Skip to Main Content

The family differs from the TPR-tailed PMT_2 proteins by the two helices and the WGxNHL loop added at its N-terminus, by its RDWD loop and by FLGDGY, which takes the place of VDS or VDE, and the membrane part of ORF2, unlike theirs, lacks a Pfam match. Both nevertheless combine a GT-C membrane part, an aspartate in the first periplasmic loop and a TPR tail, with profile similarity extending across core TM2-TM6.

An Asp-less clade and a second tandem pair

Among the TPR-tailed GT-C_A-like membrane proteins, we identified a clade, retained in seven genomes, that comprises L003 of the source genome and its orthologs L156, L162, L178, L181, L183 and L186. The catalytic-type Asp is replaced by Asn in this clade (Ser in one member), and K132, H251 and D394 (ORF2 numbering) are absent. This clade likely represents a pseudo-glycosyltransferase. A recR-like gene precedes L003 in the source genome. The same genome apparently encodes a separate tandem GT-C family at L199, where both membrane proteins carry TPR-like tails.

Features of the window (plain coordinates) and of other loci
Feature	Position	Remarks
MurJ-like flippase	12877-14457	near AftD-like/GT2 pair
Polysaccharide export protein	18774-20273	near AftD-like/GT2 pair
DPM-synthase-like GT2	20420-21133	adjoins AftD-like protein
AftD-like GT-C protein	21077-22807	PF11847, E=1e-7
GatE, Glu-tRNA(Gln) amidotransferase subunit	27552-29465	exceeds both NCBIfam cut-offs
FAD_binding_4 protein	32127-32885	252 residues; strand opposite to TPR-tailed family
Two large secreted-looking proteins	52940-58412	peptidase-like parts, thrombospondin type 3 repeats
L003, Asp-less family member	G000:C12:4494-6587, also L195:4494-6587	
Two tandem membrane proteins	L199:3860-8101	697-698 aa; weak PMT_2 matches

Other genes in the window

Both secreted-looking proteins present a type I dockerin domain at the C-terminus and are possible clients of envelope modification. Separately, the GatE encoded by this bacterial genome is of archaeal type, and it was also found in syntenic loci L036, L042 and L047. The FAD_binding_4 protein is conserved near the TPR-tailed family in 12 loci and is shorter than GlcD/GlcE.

Opportunistic spectrum access (OSA) is a promising new spectrum management approach that will allow coexistence of both licensed and opportunistic users in each spectrum band, potentially decreasing the spectrum licensing costs for both classes of users. However, this has significant implications on the QoS experienced by the licensed and opportunistic spectrum users. In this article we investigate how tolerant to secondary user activity a licensed user should be so as to provide dependable communication with sufficient QoS to an opportunistic user. We also look at key multichannel MAC features for such OSA networks proposed in the literature, and discuss how the design of control channel management affects the QoS of opportunistic users as a function of the tolerance of licensed users. We quantify the trade-off between dependability of the OSA network and the dependability of licensed users. The main conclusion is that opportunistic users can indeed achieve good QoS, as long as the licensed users are not highly active. For example, in one of the scenarios we studied, opportunistic users can achieve a delay below 100 ms if licensed user activity stays below 30 percent.